Takata Files for Bankruptcy in U.S., Japan
As expected, airbag maker Takata Corp. has filed for bankruptcy protection in Japan and the U.S. and intends to sell most of its assets to U.S.-based Key Safety Systems Inc.
Under the plan, which was widely reported last week, KSS will pay 175 billion yen ($1.6 billion) to buy “substantially all” Takata assets worldwide. Those businesses include steering wheels, safety belts and other safety-related products.
KSS’s purchase excludes Takata operations that make second-generation airbag inflators being used to replace defective older units that could explode when triggered by a crash. About 100 million of the flawed inflators, which have been blamed for at least 16 fatalities and dozens of injuries, are being recalled by 19 carmakers worldwide.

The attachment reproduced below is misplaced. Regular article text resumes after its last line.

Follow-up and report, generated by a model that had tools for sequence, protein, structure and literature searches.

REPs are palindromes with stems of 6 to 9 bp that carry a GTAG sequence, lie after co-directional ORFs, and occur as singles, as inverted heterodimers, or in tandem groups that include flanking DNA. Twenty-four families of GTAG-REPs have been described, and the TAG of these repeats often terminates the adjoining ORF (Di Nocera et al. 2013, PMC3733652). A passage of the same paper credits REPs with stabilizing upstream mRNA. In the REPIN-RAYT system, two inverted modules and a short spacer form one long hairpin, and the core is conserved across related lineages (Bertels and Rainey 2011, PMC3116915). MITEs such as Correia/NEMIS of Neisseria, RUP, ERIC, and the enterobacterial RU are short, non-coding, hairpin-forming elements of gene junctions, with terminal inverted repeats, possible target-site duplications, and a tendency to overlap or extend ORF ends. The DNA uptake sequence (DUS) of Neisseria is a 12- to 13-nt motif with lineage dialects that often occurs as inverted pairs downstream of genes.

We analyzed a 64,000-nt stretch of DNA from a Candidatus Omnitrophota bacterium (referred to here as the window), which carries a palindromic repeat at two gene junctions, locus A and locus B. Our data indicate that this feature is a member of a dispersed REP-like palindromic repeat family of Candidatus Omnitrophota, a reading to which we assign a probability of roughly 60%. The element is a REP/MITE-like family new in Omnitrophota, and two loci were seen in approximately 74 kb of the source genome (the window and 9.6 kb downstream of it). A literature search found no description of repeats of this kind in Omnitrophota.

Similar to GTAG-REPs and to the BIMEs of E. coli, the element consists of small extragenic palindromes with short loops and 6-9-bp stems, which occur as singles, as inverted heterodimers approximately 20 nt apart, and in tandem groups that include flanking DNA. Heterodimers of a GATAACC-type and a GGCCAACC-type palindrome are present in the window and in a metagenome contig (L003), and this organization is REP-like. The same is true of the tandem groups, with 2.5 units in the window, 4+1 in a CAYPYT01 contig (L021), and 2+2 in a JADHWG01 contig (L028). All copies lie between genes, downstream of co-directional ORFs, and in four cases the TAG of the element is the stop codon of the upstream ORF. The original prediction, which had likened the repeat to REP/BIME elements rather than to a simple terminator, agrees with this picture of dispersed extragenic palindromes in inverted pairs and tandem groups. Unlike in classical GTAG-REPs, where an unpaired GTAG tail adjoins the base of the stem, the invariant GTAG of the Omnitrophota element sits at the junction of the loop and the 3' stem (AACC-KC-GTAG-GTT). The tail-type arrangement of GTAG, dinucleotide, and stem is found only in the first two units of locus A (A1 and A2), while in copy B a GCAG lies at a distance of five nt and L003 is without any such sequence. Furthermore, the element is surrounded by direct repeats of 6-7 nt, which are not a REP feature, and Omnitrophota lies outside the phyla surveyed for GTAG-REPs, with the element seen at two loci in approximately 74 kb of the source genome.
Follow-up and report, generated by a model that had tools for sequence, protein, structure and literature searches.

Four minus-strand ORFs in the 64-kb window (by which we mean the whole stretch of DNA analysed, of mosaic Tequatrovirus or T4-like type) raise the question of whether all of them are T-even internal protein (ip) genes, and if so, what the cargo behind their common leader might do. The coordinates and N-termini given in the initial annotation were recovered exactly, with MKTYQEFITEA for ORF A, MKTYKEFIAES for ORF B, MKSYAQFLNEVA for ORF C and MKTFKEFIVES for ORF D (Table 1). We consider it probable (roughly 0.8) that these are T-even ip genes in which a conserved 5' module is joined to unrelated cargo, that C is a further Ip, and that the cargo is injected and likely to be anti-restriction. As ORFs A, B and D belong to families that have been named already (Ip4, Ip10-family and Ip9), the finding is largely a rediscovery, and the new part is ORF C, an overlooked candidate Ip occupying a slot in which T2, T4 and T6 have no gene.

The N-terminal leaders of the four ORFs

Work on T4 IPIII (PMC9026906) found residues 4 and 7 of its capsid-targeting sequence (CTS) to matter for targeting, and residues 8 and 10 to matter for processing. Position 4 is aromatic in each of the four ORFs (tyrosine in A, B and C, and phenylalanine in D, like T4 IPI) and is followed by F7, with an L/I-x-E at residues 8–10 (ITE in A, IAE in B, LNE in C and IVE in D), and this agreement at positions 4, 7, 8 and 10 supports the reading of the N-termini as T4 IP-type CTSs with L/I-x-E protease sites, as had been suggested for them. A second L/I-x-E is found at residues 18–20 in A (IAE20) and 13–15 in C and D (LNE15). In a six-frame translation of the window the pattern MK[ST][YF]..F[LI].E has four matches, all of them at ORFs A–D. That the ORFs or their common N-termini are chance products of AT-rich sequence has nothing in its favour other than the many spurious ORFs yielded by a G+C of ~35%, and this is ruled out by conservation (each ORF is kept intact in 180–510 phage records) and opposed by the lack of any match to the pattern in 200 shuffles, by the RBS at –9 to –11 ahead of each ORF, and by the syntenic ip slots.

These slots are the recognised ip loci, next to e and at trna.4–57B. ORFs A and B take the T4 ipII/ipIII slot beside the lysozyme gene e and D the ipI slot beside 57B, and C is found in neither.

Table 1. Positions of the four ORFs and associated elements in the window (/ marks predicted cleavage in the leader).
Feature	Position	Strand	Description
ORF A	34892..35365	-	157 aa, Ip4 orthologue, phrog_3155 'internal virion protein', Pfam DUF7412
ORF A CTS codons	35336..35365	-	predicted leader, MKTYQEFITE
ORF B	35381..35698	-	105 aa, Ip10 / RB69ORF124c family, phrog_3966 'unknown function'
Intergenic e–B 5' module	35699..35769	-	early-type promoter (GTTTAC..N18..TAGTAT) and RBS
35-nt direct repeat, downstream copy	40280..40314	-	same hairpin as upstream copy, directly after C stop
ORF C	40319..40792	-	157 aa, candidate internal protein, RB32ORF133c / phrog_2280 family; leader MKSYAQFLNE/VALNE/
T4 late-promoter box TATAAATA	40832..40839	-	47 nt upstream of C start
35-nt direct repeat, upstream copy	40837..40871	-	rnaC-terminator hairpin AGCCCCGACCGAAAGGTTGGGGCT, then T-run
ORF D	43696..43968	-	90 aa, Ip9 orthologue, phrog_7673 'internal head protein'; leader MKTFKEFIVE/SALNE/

The restructured Takata will continue to fulfill existing contracts to supply replacement inflators, then phase out the business. Sumitomo Mitsui Banking Corp. has agreed to provide Takata with a 25 billion-yen ($225 million) credit line with which to operate during the bankruptcy.
The Tokyo Stock Exchange says it will suspend trading of Takata shares today and de-list the company on July 27. Takata shares closed on Friday at 160 yen ($1.44) compared with about 1,000 yen in January.
KSS and Takata say the plan will preserve Takata jobs and minimize supply chain disruptions. The bankruptcy process also should shield KSS from $10 billion or more in potential liabilities for the continuing recalls, fines and legal settlements.
Takata will use the proceeds of the sale to help pay a $1 billion fine under terms of a settlement reached in January with the U.S. Dept. of Justice. Under that agreement, the supplier will disburse $125 million to victims and $850 million to carmakers that are recalling its inflators.
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